Q: How does the e-tuning process work?
A: Read here: The E-Tuning Process
Q: Why don't you guys tune Evos on the COBB Accessport?
A: Although the Accessport is a formidable tuning platform on Subaru, Ford, BMW, GTR, VW, and Porsche platforms, we find it lacks major capabilities on the Evo X, doesn't provide facilities for safety features we build in to our tunes, and presents challenges that simply cannot be overcome while remote tuning.
1. Logging rate - with a regular EcuFlash-based Tephra V1 or V2 ROM, we are able to achieve 15 Hz (15 samples per second) or higher logging rate on GSR cars. The Accessport struggles to deliver 3-4 Hz logging which of course is a major issue when trying to pinpoint things like compressor surge, evaluating knock sum spikes, smoothing boost curves, or tracking down any drive quality issue.
2. SST logging - the Accessport does not support logging any of the important SST-related parameters such as clutch slip rate and clutch pressure. These are absolutely crucial aspects of tuning Evo X MR's and Ralliarts, even on the stock turbo. There have been several instances where we have identified clutch slip on mildly modified cars that we were able to direct the customer to repair by fluid changes and SST teach-in procedures that would haven't even been noticed if we were tuning on the Accessport.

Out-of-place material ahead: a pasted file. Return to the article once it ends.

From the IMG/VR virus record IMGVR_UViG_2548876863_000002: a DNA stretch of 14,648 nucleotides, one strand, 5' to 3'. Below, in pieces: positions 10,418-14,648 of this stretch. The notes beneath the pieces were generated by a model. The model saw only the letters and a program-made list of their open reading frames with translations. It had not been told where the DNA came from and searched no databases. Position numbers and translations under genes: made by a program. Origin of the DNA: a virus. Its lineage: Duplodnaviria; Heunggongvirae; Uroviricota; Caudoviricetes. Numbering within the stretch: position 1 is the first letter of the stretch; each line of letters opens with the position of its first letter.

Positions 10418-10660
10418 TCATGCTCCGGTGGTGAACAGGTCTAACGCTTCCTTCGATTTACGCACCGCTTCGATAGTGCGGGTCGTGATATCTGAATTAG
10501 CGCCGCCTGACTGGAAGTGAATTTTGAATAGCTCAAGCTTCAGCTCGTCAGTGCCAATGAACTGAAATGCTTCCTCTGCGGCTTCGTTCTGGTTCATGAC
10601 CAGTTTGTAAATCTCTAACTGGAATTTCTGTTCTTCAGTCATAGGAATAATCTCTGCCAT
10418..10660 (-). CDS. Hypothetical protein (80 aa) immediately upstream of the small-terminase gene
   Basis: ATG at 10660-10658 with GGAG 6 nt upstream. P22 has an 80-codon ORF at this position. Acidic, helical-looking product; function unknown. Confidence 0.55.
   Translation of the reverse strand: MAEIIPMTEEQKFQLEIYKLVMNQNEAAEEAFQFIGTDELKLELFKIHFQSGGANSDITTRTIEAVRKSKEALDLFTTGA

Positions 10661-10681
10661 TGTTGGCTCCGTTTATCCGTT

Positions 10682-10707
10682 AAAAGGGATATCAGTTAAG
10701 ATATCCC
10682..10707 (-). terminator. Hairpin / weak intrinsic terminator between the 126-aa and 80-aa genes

3. Boost safety features - the Accessport only has the factory boost control strategy available, so we're unable to fully set up cars to deliver safe boost output under all conditions and failure scenarios. On EcuFlash + richardjh's RAX patch, we are able to use PSI-based boost control that provides quicker reaction to overboost scenarios, and such a strategy is immune to cases where spool-up compressor surge or inlet pipe leaks cause inaccurate load measuring. We're also able to use the RAX patch in particular with our custom intake temperature compensation curve to ensure that you never overboost in cold weather.
4. Reliability and flashing speed - the Accessport can sometimes brick your ECM while flashing, which of course presents a very tricky predicament while remote tuning your car. It is rare, but we will state we've never had EcuFlash do this to a customer. In addition, flashing speed on the Accessport is very slow on the Evo X and it insists on unnecessarily resetting fuel trims/idle learning after each flash, which takes additional time and requires wait time for idle to re-learn on aggressively-built cars.
5. Map correctness and availability - on several occasions we have determined that ROM mappings have been incorrect on various model years of Evo/Ralliart in COBB's mapping software. This is mostly true for SST-related tables that are crucial in our tuning strategy. For things like Omni 4-bar support, it has taken COBB up to four years to implement features that the rest of us using EcuFlash/EvoScan have been using since 2010.